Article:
• On December 9, ground controllers lost contact with the spacecraft, “presumably because of torques caused by a thruster leak which altered the pointing of the antenna.”
  • Controllers restored communication in March 2006, and learned over the next several months that the spacecraft’s status was somewhat grim: low on fuel, two out of three reaction wheels inoperative, plus 4 out of 11 batteries had also stopped working. The spacecraft’s degraded solar cells and batteries were still sufficient to maintain thrust and attitude control with its xenon ion engine, and in April 2007 it started its journey Earth-ward.

When Hayabusa was a little outside the Moon’s orbit, it released its sample return capsule, which de-orbited on June 13, 2010 and landed near Woomera, Australia.

Subsequent examination of the sample return capsule showed that there were roughly 1500 dust particles, presumably from asteroid Itokawa.

Well done, Hayabusa!

You can learn more about this remarkable mission at this Japan Aerospace Exploration Agency (JAXA) page.

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Dawn Begins Its Trek to the Asteroid Belt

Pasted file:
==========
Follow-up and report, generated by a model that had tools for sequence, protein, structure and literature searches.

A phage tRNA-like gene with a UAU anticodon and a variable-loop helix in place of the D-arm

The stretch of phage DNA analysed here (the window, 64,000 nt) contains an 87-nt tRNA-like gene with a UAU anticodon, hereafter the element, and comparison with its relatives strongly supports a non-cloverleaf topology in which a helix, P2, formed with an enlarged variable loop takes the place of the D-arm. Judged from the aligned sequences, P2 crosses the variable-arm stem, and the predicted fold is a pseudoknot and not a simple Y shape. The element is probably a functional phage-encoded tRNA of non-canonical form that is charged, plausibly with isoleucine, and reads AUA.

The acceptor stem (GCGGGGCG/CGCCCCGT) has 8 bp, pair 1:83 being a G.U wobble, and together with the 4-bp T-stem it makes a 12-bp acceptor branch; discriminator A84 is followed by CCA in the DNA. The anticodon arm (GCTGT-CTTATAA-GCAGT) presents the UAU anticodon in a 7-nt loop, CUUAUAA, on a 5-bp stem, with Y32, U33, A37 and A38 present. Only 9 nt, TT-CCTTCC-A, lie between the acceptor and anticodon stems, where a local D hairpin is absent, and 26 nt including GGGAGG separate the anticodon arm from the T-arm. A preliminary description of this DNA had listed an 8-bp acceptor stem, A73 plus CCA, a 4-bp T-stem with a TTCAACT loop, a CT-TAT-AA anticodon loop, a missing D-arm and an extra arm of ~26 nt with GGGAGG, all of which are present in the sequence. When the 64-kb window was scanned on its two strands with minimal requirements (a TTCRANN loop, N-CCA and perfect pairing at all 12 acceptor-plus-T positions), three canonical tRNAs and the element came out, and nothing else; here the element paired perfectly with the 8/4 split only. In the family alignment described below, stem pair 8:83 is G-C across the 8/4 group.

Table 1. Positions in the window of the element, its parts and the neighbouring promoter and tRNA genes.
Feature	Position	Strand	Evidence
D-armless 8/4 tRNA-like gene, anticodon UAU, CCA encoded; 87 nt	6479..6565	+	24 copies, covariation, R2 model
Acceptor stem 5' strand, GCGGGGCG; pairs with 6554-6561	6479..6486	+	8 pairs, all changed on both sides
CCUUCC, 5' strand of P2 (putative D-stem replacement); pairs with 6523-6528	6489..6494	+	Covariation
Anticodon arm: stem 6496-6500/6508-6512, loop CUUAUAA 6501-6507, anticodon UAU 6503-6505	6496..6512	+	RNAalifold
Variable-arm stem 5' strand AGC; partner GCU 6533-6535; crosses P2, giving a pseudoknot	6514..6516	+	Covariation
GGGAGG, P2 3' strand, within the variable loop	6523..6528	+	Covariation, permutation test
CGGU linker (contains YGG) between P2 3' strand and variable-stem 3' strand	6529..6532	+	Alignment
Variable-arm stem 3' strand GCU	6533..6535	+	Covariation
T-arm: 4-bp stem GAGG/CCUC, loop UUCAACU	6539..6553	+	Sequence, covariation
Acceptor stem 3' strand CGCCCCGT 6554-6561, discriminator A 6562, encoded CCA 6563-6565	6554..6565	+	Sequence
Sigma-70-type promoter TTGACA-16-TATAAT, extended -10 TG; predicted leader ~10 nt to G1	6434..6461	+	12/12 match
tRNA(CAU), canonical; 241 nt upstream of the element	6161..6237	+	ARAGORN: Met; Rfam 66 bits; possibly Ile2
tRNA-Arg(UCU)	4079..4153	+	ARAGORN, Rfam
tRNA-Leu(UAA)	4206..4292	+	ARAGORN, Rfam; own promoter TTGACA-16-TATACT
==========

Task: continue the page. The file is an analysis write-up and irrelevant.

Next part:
Five years ago today — September 27, 2007 — a Delta-II launch vehicle carried the Dawn spacecraft to space from Cape Canaveral, sending it on a roundabout journey to the asteroid belt.


(Artist’s conception of the Dawn spacecraft. The glow represents one of the xenon-ion thrusters operating. NASA image.)

After a gravity-boost flyby of Mars in February 2009, Dawn reached its first asteroid target, 4 Vesta, and entered orbit around it in August 2011. There it began its mission to “characterize the asteroids’ internal structure, density, shape, size, composition and mass and to return data on surface morphology, cratering, and magnetism.” Dawn’s measurements and subsequent analysis should help scientists understand better the conditions in the early solar system.

On the main mission page, you can read about one of Dawn’s most exciting discoveries: hydrated minerals on the surface of 4 Vesta. While not as potentially useful as discovering actual water, it did provide evidence that Vesta once held water, but it long since boiled away.

Dawn left Vesta’s orbit this past September 5th, and is scheduled to rendezvous with 1 Ceres in February 2015. It will study that asteroid until the end of its mission, currently set for July 2015.